September 19, 2010

Budding docs may get a jab of arts

Literature, painting, music and other art forms could soon be a part of medical education curriculum as educationists slowly wake up to need of teaching humanities to budding doctors. The civic-run hospitals could be the first to usher in this change once the Medical Council of India (MCI) approves of the plan.

A day after the MCI incorporated a special module-Communication and Ethics-in the syllabus of the six upcoming AIIMS-like institutions, nearly 200 students and faculty from Seth GS Medical College, attached to KEM Hospital, attended an introductory lecture on medical humanities on Monday. "Humanities and ethics could soon be part of the national MBBS curriculum," said Ranjit Roy Chaudhury, member of the MCI's board of governors. "Indian doctors excel technically, but we need to work on the doctor-patient relationship," he said.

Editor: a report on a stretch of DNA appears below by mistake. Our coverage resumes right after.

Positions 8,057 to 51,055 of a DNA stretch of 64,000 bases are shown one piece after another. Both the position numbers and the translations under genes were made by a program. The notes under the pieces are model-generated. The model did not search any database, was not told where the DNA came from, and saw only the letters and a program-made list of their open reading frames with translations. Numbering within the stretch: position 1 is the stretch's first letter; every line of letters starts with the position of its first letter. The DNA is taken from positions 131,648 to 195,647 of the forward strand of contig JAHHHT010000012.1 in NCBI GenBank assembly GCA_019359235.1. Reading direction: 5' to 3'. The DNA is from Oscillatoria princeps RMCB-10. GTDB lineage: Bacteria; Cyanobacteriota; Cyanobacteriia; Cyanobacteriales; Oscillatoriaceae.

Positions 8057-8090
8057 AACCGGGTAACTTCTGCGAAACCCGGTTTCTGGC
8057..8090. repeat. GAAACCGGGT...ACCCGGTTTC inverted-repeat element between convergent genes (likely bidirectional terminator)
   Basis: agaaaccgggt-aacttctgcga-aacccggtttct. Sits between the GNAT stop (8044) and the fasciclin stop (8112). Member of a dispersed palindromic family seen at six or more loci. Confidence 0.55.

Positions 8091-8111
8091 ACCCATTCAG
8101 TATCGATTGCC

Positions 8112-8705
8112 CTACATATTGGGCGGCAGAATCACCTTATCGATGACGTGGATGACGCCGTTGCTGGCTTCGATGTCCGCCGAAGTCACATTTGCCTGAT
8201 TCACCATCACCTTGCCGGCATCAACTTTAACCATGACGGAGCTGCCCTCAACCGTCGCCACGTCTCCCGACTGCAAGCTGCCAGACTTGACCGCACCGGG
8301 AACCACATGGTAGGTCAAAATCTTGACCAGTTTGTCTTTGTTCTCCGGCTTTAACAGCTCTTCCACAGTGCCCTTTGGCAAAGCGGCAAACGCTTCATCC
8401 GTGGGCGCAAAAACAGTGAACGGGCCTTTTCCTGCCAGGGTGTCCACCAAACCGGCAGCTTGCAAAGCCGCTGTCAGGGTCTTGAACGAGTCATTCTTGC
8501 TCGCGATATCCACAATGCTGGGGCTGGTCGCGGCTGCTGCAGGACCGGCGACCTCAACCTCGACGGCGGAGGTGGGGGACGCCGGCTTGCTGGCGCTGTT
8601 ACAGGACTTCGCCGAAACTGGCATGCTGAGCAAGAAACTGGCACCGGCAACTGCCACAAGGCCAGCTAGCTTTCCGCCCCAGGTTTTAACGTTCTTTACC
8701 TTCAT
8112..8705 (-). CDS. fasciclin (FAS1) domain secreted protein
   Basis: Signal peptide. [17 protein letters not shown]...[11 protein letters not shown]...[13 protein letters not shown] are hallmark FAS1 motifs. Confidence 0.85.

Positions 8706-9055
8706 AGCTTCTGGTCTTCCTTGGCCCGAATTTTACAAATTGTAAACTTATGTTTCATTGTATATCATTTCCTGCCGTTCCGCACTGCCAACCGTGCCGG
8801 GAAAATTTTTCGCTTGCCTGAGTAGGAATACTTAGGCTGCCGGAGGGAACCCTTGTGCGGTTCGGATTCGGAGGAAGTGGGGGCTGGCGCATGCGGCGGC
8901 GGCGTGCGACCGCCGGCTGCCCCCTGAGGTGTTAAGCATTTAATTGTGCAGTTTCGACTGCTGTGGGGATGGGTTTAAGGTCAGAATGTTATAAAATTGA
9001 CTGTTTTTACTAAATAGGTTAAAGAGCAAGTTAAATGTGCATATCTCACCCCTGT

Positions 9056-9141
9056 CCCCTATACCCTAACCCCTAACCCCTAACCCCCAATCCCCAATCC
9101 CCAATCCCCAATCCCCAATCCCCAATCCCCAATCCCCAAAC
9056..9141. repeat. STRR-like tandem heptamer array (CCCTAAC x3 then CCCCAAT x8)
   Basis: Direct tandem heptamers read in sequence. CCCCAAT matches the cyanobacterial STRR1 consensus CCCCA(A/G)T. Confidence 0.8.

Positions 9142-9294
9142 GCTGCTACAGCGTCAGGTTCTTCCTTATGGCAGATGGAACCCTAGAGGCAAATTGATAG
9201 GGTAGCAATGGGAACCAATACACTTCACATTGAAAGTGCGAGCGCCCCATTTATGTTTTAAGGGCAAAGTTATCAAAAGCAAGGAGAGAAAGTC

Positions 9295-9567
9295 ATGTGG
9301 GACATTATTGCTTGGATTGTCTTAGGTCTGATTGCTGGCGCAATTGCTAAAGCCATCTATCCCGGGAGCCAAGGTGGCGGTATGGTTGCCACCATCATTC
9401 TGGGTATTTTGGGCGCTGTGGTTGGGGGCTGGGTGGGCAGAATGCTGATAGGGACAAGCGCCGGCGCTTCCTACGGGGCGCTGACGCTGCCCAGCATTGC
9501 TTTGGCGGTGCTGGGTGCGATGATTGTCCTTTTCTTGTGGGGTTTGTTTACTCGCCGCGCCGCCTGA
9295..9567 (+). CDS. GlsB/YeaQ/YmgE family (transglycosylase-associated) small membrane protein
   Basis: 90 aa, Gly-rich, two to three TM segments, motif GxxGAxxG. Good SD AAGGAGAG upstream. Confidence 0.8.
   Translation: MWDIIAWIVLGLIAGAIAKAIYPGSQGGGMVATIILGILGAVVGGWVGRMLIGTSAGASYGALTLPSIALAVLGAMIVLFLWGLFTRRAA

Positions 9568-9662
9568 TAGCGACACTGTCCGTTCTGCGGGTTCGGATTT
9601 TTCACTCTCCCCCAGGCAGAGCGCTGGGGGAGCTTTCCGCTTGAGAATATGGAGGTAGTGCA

Academicians are gradually realizing that many medical students lose their sensitivity towards patients' woes by the time they finish their course. Many feel that aspiring doctors must also be trained on how to communicate better with patients, especially how to break the news of a patient's demise to his/her loved ones.

Director of medical education Dr Sanjay Oak said that he strongly supported inclusion of humanities and ethics in the curriculum. "I believe that three things- humanities and ethics, research methodology and health economy-should be taught to students over three years," he said, adding that a proposal has already been floated. "The final decision has to come from the MCI."

Chaudhary is optimistic that linking humanities with medical education will go a long way in curbing patient-doctor conflict. "The MCI is working on this issue seriously," he said.

Meanwhile, Dr Ravi Shankar, from Nepal-based KIST medical college, who addressed students on Monday, volunteered to help the BMC-run colleges conduct special exercises in humanities for budding doctors.

Link: Original Article

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